The Pandyas were one of three ancient Tamil dynasties that ruled southern India intermittently since the \(4^t\)\(^h\) century BCE. Korkai is believed to have been their early capital and port. Later, they moved to Madurai as many early Tamil inscriptions about Pandyas have been discovered in Madurai and its surroundings.
Korkai was a well-known pearl fishery centre; it is frequently mentioned in the Sangam literature. The Periplus says that the Pandyan kingdom extended from Comari towards the north, including Korkai.
A model of the Mangulam Tamil Brahmi inscription at Dakshin Chithra, Chennai.
A Tamil-language inscription which mentions the Pandyan king Nedunchezhiyan II
and Jain monks. Dated to 2nd century AD

According to Tamil culture, the popular Sangams were held in Madurai under the patronage of the Pandyas, and some of the Pandyan rulers known to be poets themselves. The Pandyan kingdom was home to a number of renowned temples, including Meenakshi Temple in Madurai.
The Pandyas had re-established their position in the history of Tamil Nadu by the end of the \(6th\)century A.D. (C.E.), after defeating the Kalabhras. But they could not resist the growing influence of the later Cholas, who ruled South India from the 9th to 13th century. After the decline of Chola power, the later Pandyas re-established their authority and ruled until the \(16\)th century.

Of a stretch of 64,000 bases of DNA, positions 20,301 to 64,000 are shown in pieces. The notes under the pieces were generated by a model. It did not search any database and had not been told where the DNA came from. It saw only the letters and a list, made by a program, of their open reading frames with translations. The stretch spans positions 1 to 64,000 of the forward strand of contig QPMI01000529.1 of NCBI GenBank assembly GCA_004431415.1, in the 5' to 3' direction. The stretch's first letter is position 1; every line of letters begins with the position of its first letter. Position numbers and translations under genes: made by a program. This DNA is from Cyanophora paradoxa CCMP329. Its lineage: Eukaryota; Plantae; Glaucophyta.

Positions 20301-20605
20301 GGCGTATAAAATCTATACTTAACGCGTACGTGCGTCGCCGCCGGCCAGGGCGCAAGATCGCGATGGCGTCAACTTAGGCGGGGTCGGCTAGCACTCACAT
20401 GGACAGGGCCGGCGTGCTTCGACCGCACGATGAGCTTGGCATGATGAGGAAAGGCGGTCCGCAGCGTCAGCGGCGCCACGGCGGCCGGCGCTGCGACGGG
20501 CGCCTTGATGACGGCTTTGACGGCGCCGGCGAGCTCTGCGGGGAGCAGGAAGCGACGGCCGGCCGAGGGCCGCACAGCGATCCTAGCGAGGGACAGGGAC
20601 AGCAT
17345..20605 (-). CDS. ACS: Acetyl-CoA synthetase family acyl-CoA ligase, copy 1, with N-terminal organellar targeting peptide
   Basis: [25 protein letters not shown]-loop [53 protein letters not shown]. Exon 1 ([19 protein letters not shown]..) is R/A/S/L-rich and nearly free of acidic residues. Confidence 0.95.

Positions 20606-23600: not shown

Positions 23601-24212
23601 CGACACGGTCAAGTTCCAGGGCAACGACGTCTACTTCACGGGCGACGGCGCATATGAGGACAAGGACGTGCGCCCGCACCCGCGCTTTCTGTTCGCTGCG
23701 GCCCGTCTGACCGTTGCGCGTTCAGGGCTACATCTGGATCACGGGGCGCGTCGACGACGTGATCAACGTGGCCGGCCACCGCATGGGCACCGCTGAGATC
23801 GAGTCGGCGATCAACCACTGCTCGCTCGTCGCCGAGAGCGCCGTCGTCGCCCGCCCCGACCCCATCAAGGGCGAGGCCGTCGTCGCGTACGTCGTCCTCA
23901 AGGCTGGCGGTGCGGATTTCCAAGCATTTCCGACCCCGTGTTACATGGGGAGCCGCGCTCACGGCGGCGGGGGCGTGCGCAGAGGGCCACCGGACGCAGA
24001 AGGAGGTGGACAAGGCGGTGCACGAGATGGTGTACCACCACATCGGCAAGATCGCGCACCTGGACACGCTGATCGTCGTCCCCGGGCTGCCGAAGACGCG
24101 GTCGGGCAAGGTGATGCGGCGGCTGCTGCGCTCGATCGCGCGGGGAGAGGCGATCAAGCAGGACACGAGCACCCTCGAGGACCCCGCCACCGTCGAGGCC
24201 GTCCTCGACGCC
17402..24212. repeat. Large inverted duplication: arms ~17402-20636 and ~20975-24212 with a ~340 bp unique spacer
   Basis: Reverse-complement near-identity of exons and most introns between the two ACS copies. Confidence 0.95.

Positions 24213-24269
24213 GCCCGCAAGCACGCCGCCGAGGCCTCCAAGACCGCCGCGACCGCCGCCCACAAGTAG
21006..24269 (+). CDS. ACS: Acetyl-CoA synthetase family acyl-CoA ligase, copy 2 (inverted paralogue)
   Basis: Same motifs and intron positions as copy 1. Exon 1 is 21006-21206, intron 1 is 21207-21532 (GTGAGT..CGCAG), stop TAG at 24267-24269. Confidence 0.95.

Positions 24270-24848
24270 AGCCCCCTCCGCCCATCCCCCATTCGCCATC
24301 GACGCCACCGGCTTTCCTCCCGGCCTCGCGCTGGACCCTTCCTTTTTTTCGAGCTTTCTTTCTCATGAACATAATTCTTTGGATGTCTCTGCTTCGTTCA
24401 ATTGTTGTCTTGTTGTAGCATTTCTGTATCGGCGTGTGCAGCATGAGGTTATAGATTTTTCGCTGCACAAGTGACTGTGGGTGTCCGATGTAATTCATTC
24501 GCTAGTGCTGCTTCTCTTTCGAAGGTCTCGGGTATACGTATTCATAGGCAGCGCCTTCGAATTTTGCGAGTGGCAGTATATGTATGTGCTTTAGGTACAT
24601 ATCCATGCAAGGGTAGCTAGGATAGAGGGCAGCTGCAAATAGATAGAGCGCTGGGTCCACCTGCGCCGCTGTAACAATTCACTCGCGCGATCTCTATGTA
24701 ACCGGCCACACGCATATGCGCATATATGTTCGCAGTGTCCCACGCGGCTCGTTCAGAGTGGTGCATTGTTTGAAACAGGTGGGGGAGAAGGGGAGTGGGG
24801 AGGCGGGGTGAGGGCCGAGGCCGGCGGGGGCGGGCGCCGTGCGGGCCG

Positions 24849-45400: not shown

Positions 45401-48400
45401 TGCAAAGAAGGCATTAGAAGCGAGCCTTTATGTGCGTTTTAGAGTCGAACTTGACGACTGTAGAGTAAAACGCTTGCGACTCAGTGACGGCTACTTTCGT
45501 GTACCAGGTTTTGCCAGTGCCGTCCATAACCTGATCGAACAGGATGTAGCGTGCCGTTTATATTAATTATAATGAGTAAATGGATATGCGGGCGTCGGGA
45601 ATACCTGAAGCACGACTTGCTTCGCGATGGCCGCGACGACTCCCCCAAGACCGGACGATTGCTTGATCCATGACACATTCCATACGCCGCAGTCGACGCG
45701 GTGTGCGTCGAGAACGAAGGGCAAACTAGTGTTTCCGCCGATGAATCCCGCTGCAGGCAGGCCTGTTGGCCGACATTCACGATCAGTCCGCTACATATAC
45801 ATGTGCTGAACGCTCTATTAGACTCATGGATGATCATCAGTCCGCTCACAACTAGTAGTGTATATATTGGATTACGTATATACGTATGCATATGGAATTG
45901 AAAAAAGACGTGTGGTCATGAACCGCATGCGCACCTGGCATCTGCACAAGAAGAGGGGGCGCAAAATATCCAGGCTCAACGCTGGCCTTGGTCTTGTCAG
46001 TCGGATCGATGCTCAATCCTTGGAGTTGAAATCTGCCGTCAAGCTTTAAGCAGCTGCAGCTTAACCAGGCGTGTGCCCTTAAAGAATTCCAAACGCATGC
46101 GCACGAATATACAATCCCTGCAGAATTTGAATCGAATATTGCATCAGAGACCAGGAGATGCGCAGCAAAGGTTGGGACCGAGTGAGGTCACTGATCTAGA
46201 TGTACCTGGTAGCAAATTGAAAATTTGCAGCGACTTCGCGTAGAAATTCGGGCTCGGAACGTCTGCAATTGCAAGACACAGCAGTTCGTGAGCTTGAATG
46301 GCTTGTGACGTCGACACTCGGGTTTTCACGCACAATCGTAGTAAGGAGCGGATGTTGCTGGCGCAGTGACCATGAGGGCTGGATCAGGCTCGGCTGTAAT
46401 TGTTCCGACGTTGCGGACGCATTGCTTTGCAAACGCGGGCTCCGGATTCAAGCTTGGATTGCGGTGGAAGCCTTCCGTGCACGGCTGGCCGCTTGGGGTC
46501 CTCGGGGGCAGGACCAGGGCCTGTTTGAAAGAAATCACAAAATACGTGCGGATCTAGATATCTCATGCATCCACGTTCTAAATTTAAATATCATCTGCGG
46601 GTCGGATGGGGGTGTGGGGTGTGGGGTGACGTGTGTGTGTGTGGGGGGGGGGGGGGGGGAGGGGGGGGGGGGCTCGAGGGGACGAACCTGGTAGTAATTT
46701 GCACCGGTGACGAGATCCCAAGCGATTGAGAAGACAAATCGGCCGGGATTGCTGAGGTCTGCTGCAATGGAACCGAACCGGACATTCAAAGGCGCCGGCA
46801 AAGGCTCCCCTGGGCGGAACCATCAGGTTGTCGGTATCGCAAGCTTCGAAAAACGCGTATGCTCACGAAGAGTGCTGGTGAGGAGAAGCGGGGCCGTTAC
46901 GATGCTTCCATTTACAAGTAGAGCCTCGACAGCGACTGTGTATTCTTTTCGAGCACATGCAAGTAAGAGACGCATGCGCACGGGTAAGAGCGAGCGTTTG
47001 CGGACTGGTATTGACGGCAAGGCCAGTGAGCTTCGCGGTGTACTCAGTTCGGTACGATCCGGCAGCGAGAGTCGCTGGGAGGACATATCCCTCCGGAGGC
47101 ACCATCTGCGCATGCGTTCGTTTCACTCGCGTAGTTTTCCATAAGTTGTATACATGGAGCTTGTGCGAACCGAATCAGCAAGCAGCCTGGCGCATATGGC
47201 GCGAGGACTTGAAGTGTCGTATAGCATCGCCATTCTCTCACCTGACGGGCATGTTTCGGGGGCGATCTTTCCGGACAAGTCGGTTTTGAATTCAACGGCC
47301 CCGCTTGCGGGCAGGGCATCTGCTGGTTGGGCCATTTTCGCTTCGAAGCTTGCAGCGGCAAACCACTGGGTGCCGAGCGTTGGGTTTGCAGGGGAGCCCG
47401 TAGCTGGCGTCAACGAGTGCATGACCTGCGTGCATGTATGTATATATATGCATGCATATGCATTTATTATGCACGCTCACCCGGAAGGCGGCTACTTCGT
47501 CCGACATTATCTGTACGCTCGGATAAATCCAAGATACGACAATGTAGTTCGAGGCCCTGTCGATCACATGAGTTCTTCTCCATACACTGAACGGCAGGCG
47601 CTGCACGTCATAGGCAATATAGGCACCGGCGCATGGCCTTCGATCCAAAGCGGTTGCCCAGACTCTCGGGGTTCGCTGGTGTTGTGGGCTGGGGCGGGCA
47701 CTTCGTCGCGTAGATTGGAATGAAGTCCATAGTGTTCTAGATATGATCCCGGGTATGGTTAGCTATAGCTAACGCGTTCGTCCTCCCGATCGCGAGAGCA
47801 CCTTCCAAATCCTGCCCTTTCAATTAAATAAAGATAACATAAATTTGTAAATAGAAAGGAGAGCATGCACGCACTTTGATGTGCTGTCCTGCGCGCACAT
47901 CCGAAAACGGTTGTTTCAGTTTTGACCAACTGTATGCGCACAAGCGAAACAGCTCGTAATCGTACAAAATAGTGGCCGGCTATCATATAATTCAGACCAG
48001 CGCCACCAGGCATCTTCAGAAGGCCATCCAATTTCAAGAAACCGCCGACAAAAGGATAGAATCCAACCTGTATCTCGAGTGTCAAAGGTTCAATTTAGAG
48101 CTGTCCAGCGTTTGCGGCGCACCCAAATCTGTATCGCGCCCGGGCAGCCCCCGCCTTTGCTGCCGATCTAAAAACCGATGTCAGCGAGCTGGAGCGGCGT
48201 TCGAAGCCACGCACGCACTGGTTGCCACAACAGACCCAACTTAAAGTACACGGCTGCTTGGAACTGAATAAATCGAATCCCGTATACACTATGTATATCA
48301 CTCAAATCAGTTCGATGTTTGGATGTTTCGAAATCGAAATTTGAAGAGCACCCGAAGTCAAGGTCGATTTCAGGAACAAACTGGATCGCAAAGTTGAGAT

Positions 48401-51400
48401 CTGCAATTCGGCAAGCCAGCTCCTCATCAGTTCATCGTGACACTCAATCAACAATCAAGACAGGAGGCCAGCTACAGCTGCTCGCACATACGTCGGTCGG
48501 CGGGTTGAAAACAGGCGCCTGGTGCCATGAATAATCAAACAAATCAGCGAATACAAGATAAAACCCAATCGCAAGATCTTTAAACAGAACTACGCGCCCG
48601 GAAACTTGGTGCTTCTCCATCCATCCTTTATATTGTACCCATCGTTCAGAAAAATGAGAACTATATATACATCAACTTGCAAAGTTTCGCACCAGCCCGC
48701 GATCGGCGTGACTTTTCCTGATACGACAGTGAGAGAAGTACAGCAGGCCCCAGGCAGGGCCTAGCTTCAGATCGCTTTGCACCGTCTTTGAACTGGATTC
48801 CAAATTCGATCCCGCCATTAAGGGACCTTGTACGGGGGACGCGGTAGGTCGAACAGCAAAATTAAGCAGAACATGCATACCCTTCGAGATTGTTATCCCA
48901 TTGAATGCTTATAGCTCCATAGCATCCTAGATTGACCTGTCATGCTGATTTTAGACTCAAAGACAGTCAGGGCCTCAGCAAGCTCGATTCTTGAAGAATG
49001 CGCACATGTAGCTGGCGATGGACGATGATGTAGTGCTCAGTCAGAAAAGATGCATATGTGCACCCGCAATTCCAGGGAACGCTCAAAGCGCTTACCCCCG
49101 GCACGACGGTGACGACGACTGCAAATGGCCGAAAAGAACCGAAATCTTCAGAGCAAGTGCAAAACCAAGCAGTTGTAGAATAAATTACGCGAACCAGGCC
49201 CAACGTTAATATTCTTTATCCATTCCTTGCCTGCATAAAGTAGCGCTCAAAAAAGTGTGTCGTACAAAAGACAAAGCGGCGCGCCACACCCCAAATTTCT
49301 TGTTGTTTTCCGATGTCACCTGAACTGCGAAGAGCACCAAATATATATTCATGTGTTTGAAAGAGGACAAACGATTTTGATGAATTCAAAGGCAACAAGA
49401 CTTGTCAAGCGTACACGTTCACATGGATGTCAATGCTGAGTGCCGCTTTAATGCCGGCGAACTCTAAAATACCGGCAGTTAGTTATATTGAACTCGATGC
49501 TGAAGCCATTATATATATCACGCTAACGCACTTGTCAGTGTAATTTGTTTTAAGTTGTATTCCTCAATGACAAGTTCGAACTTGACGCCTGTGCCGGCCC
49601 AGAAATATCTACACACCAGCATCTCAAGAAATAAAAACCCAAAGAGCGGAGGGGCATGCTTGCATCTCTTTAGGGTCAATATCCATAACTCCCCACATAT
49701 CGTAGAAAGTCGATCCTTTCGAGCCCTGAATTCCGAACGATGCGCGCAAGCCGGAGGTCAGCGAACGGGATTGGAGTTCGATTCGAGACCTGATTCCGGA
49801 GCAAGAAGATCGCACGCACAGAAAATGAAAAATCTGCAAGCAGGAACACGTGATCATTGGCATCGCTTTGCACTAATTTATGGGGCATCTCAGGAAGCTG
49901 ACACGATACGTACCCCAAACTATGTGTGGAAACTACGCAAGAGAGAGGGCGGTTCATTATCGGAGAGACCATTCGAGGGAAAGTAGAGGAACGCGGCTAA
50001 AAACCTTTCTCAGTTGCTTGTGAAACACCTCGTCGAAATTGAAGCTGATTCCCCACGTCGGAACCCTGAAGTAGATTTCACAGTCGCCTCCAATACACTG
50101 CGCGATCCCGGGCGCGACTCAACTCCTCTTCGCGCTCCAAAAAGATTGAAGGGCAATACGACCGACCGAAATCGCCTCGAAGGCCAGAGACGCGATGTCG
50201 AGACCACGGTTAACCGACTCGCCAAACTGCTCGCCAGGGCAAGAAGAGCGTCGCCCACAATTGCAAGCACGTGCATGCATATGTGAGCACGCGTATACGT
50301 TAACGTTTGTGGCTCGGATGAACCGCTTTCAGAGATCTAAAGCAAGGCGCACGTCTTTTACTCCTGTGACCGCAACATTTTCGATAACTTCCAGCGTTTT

Twin fish flag of Pandya Dynasty
Revival of Pandya Kingdom:
The Pandyan kingdom was restored by Kadungon towards the end of the 6th century CE. In the Velvikudi copper-plate inscription, Kadungon was mentioned as the destroyer of the "anti-Brahmanical" Kalabhra kings. 
Kadungon was succeeded by Arikesari Maravarman, also known as Parankusa, who ascended the throne in A.D. (C.E.) 642. He was a contemporary of Pallava rulers Mahendravarman I and Narsimahvarman I. Inscriptions and copper plates celebrate his victory over his counterparts: Cheras, Cholas, Pallavas and Sinhalese. Some theories identify Arikesari with the legendary Kun Pandiyan mentioned in Shaivite tradition, the persecutor of Jains.
Pandya Kingdom (maximum extent) - 12th-14th cenutry CE
After Arikesari, the greatest ruler of the Pandyas was Jatila Parantaka Nedunjadayan(Varaguna I) (756-815), the donor of the Velvikkudi plates. Nedunjadayan extended the Pandya territory to include Thanjavur, Tiruchirappalli, Salem and Coimbatore districts. Pallavas successively defeated Nedunjadayan’s successors. Later they could not face the rising Cholas under king Parantaka I, who defeated the Pandya ruler Rajasimha II. Thus ended the Pandya rule revived by Kadungon.